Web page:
The Dzindzi-Indian is a chess opening for Black against 1.d4 that has an incredible winning percentage. It’s easy-to-learn yet a powerful and incredibly effective weapon you can employ with Black as early as move five against “Queen’s Pawn” players. The Dzindi Indian is an amazing opening for a number of reasons. It is one of the very few openings in chess where tournament results actually favor Black! This is not a skewed perception but is grounded in statistical fact.
The Dzindzi-Indian is named after GM Roman Dzindzichasvili, a well-known opening theoretician, coach, and player. He is known for his strategic style and particularly for his play with knights against pawn weaknesses.
Among his students are 3-time US Chess Champion and former FIDE World Championship Challenger, GM Gata Kamsky and GM Eugene Perelshteyn.
Roman also worked as an analyst at various times with both the Twelfth World Champion Anatoly Karpov and the Thirteenth World Champion Garry Kasparov and had private blitz sessions with the American Legend Bobby Fischer.
In this video, GM Ron W Henley takes a look at the Dzindzi-Indian and introduces you to its opening moves and general ideas. It’s a preview of his brand new 7-hour course, Dominate 1.d4 Players with the Dzindzi-Indian – click here you get your copy for 50% off for a limited time.
Introduction to the Dzindzi-Indian
The Dzindzi-Indian begins with 1.d4 g6 2.c4 Bg7 3.Nc3 c5 4.d5 Bxc3 5.bxc3+ f5, which you can see in the position on the left.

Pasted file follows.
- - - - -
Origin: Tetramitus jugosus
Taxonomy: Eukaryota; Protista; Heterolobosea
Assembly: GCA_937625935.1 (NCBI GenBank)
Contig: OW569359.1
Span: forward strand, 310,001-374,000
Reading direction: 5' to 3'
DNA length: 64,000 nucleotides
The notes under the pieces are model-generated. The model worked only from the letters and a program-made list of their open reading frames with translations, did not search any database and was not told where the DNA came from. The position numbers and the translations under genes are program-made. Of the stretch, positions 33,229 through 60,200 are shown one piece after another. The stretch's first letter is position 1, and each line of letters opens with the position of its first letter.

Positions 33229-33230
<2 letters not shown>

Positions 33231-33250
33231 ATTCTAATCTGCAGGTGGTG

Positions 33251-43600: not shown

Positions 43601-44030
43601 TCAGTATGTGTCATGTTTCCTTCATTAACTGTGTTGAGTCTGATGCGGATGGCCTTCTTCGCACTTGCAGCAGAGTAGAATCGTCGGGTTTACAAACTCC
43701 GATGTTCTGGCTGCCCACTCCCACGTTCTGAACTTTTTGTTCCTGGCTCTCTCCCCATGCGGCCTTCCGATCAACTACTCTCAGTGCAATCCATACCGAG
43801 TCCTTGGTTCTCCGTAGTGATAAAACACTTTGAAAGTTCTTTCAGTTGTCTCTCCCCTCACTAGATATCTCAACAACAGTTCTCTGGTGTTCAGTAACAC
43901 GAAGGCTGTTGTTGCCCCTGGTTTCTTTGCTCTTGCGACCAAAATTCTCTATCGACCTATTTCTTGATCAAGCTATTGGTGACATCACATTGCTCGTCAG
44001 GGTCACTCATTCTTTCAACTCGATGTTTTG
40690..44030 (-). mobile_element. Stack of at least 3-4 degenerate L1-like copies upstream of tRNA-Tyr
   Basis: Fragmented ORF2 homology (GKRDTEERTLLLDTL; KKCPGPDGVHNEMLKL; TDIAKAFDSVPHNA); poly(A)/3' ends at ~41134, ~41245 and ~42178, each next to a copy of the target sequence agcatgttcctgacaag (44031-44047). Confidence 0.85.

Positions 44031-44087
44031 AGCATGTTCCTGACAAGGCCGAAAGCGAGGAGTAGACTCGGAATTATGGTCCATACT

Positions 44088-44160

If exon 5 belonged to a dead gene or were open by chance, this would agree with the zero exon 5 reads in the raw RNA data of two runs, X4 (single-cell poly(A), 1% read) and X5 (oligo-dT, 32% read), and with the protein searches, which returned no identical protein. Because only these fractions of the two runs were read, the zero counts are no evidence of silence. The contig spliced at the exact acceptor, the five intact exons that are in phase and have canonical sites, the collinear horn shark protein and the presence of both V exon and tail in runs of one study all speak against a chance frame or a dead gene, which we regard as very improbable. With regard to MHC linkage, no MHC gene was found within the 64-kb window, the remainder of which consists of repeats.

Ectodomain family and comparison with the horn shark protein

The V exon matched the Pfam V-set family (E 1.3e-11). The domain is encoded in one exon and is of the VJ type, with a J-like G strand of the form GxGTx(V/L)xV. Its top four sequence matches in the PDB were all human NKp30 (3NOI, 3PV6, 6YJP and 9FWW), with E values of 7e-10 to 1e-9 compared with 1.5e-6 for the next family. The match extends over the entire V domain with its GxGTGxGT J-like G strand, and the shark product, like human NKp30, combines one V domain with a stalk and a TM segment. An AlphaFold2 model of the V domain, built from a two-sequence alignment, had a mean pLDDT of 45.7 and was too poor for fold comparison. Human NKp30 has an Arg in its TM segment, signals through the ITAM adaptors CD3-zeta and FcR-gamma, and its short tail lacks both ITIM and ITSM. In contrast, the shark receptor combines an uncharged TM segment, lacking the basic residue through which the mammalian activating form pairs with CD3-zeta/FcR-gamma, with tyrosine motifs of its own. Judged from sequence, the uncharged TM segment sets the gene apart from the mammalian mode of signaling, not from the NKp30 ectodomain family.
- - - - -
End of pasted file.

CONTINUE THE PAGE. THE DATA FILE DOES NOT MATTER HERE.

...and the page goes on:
In this opening, Black creates an immediate strategic imbalance by surrendering his fianchetto bishop to inflict doubled c-pawns on the White position.
Play then centers around Black keeping the position barricaded and looking to exploit White’s weak points, while White looks to blast open the position for his bishop pair and develop an attack on Black’s king.
In many ways, the play and strategy for both sides are very reminiscent of the much more popular and highly respected Nimzo-Indian Defense.
Part of the effectiveness of the Dzindzi-Indian in practical play is that Queen Pawn players face it far less often than the more popular defenses. Therefore they are faced with the “double whammy” of a powerful psychological impact combined with being thrown on their own at a very early stage in a dynamically unbalanced situation.
Many times, White players often lose their footing and simply don’t appreciate the danger in allowing Black to achieve his goals.
At the 1998 US Amateur Team Championships in Somerset New Jersey, sat next to GM Ron Henley on board #1, was the Twelfth World Champion, Anatoly Karpov.
Imagine Ron’s and Anatoly’s surprise when a USCF Rated 1900 player whipped out the Dzindzi Indian against Karpov! Being a true Champion, Karpov went into a deep think (a world champ spending so much time against a 1900-rated player!) and then proceeded to win a very tough double-edged game.
A few days later over breakfast, Grandmasters Dzindzichashvili and Henley were discussing the game. Roman demonstrated how Black could have held the position and even achieved excellent counterplay.
Be sure to watch the full video for GM Ron Henley’s introduction to this powerful opening that will surely boost your win rate with Black against 1.d4 players.
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